Tips For Managing Tinnitus

Tips For Managing Tinnitus

Diagnose and Understand Your Tinnitus

  1. DO NOT panic! Tinnitus is usually not a sign of a serious, ongoing medical condition. The exact cause of tinnitus is often unknown, but one thing is for sure, tinnitus is not imaginary!
  2. SEE an Audiologist or Ear, Nose, and Throat (ENT) specialist interested and experienced in tinnitus management. Tinnitus is a symptom of an underlying problem. Tinnitus can be associated with a number of hearing-related conditions so you should receive a full hearing evaluation by an Audiologist who can provide information on the possible cause(s) and management options. Please note a “treatment” that is useful and successful for one person may not be appropriate for another.
  3. REVIEW your current medications (prescriptions, over-the-counter, vitamins, and other supplements) with your medical professional as ringing in the ears is a side effect for many medications.
  4. BE WARY of a hopeless diagnosis or physician advice such as “There is nothing you can do about your tinnitus. You have to live with it.” The most effective treatment for tinnitus is to eliminate the underlying cause. Unfortunately, in many cases, the cause of tinnitus cannot be identified, and/or medical/surgical treatment is not an option. In these cases, tinnitus can still be managed using a variety of other methods. Ask your Audiologist about these methods.

Find Effective Treatment and Take Care of Yourself

  1. BE KIND to yourself. Developing tinnitus means you have undergone a significant physical, emotional, and maybe even lifestyle change.
  2. EXAMINE your lifestyle to see if any stress can be reduced or eliminated; stress oftentimes makes tinnitus worse.
  3. PAY ATTENTION to triggers including salt, artificial sweeteners, sugar, alcohol, tobacco, caffeine, or medications (DO NOT STOP TAKING MEDICATIONS WITHOUT CONSULTING WITH YOUR HEALTH CARE PROFESSIONAL FIRST). One-by-one, eliminate possible sources of tinnitus aggravation.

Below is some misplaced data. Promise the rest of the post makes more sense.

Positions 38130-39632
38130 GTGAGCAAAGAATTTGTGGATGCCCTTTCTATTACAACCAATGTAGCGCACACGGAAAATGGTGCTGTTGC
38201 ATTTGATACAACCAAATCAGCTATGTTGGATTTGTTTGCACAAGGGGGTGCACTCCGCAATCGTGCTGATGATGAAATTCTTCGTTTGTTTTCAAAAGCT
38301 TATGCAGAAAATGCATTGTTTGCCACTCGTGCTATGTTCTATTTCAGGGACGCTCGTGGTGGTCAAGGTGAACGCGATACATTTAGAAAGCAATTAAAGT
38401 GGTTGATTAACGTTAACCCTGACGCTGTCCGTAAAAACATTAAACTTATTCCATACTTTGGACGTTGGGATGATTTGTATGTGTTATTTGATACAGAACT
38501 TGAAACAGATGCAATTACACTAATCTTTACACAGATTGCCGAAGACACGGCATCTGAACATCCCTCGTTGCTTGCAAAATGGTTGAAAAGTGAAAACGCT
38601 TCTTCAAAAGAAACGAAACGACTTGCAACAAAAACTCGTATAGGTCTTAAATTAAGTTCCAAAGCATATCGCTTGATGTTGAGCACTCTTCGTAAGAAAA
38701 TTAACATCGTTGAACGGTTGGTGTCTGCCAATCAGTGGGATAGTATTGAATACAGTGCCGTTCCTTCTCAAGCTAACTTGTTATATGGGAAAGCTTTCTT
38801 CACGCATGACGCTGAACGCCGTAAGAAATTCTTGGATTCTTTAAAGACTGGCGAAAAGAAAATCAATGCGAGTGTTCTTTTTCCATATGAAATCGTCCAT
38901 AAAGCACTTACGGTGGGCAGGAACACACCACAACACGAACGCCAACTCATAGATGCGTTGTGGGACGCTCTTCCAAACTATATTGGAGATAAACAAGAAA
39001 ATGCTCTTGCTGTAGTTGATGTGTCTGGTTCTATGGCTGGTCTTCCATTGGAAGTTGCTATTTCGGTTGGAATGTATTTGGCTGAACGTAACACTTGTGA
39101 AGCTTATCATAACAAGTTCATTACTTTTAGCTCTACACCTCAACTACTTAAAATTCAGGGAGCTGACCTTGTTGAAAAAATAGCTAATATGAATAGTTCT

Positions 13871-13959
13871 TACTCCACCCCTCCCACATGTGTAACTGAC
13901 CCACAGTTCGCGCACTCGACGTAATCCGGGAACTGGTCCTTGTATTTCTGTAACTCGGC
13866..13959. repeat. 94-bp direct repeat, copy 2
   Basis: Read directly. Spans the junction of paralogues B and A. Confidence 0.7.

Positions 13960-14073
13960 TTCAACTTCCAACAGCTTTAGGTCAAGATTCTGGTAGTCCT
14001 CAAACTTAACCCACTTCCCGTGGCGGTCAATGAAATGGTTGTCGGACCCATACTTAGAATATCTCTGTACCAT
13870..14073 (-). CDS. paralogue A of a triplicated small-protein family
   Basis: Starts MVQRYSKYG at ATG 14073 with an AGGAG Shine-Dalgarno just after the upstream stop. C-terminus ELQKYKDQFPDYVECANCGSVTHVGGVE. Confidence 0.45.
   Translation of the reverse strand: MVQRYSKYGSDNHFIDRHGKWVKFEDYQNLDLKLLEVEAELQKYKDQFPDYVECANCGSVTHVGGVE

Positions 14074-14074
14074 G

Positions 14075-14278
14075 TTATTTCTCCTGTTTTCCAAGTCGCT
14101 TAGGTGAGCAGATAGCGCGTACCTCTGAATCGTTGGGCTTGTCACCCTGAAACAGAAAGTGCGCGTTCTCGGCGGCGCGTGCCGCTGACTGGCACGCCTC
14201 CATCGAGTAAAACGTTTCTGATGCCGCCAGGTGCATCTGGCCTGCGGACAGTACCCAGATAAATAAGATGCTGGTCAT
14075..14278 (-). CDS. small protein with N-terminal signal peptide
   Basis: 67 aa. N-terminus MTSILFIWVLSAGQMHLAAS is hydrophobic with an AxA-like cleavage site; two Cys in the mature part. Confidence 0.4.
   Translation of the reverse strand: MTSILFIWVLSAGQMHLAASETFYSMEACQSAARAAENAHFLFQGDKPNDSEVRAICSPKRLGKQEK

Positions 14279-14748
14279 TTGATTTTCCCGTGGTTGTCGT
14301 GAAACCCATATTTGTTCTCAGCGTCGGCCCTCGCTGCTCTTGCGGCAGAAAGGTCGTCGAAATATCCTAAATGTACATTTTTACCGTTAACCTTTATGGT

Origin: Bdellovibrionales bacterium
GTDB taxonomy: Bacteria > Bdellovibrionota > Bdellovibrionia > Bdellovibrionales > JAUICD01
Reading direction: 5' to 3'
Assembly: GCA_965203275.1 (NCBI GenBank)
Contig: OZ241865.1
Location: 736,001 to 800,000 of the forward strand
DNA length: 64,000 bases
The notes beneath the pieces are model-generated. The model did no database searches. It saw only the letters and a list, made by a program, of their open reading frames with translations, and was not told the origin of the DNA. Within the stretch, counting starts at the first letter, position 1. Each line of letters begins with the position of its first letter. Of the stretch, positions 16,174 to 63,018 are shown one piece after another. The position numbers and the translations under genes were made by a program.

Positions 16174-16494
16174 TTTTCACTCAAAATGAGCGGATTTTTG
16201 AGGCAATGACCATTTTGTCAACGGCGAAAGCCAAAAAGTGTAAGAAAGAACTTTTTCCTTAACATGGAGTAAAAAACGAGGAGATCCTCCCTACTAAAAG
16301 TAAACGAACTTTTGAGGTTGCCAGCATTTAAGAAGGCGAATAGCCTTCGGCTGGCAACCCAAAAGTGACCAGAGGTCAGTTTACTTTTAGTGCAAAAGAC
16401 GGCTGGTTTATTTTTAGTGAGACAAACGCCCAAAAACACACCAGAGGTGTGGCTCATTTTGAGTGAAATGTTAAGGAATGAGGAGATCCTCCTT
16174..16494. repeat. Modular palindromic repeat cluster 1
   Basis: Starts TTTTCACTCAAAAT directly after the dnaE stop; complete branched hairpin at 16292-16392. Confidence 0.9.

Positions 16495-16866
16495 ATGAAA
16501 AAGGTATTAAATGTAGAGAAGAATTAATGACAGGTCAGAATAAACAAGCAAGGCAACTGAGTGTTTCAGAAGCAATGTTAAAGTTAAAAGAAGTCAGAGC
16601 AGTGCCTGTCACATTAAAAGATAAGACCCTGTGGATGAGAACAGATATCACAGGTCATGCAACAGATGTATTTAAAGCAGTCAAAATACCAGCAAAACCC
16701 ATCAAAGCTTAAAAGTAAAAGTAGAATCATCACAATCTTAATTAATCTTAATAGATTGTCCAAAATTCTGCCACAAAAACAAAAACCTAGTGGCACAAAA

4. PROTECT YOURSELF from further auditory damage by avoiding loud environments and using ear protection when they can’t be avoided.

You’re Attitude Matters

  1. DO NOT create negative forecasts for your tinnitus, i.e. “This is never going to get any better.” Counting on a better future can help you create one. In many cases people with tinnitus “adjust” to it, meaning they get used to it and notice it less.
  2. DO NOT blame yourself for the tinnitus. The causes of tinnitus vary and may be difficult to determine.

Line Up Support

  1. FIND SUPPORT groups that will truly understand your struggles with tinnitus and help you sort out useful from useless information. Your Audiologist can connect you to a self-help group in your area where you can find companionship and coping strategies. For additional information or help finding a group near you, contact the American Tinnitus Association (ATA)
  2. CONTINUE SEEKING reliable information from credible sources.